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About this product
- DescriptionAnthropologists of the senses have long argued that cultures differ in their sensory registers. This groundbreaking volume applies this idea to material culture and the social practices that endow objects with meanings in both colonial and postcolonial relationships. It challenges the privileged position of the sense of vision in the analysis of material culture. Contributors argue that vision can only be understood in relation to the other senses. In this they present ather challenge to the assumed western five-sense model, and show how our understanding of material culture in both historical and contemporary contexts might be reconfigured if we consider the role of smell, taste, touch and sound, as well as sight, in making meanings about objects.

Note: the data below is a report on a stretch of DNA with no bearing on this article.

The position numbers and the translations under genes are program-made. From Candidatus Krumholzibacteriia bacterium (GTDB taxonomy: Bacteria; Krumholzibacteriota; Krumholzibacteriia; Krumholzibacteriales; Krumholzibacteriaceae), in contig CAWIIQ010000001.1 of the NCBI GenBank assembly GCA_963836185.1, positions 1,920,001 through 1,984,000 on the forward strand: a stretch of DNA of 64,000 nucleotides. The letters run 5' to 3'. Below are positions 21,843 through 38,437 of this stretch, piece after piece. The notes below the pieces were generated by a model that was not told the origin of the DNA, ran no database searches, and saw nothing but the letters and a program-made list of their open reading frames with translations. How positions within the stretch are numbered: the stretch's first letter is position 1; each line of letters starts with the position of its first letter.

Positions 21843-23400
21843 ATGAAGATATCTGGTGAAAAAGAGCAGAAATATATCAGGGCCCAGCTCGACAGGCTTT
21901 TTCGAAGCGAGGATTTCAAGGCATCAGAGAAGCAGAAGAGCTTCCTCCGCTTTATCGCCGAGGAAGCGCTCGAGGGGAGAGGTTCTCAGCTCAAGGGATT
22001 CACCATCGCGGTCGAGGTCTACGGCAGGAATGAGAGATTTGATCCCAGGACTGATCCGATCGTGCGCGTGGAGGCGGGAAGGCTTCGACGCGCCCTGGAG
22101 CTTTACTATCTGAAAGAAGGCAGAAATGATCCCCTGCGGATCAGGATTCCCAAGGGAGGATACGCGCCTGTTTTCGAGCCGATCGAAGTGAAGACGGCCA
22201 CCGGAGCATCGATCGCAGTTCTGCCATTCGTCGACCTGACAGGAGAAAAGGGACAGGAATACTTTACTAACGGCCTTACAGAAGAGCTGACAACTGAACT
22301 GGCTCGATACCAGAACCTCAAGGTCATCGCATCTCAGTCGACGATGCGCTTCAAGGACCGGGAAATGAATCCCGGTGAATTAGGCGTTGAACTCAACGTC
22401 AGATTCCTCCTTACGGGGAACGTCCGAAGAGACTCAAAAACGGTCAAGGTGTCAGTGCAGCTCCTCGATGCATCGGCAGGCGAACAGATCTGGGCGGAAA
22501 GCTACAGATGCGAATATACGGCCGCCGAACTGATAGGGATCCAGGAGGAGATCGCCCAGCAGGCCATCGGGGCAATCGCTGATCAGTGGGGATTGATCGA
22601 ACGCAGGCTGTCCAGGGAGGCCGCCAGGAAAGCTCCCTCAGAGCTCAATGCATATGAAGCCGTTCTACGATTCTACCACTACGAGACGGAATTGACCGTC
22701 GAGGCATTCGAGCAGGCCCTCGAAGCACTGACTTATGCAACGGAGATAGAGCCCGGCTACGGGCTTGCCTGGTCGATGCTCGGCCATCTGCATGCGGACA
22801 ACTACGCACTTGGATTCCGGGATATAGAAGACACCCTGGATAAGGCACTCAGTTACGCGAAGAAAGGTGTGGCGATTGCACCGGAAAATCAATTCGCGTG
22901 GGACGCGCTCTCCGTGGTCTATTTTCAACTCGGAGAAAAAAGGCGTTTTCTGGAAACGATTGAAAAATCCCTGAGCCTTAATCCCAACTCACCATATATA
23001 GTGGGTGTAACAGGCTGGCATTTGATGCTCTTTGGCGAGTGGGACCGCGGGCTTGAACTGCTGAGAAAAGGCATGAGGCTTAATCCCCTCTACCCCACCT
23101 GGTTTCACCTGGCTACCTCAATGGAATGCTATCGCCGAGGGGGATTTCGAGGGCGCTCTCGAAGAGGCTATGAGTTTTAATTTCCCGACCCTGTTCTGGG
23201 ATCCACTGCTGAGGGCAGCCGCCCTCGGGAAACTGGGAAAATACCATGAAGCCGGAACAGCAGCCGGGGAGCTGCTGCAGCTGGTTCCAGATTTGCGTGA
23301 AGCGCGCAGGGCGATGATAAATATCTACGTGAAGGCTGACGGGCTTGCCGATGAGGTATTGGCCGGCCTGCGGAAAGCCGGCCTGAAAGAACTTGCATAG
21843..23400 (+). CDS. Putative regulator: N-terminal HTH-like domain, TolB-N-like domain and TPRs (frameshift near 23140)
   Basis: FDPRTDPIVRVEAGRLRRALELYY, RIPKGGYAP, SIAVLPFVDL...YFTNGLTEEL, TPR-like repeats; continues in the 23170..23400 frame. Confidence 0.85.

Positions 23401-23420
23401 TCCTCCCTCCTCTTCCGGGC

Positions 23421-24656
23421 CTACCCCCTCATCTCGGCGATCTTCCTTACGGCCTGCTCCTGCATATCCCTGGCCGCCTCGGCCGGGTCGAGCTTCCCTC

- Author BiographyElizabeth Edwards is Professor and Senior Research Fellow, University of the Arts London. Chris Gosden is at The Pitt Rivers Museum Research Centre, Oxford. Ruth Phillips is at the Institute for Comparative Studies in Literature, Art and Culture, Carleton University, Canada.
- PublisherBloomsbury Publishing PLC
- Date of Publication01/07/2006
- SubjectSocial Sciences: Textbooks & Study Guides
- Series TitleWenner-Gren International Symposium
- Place of PublicationLondon
- Country of PublicationUnited Kingdom
- ImprintBerg Publishers
- Content Note40 b&w illustrations, bibliography, index
- Weight457 g
- Width156 mm
- Height234 mm
- Spine18 mm
- Edited byChris Gosden,Elizabeth Edwards,Ruth Phillips
- Format DetailsTrade paperback (US)
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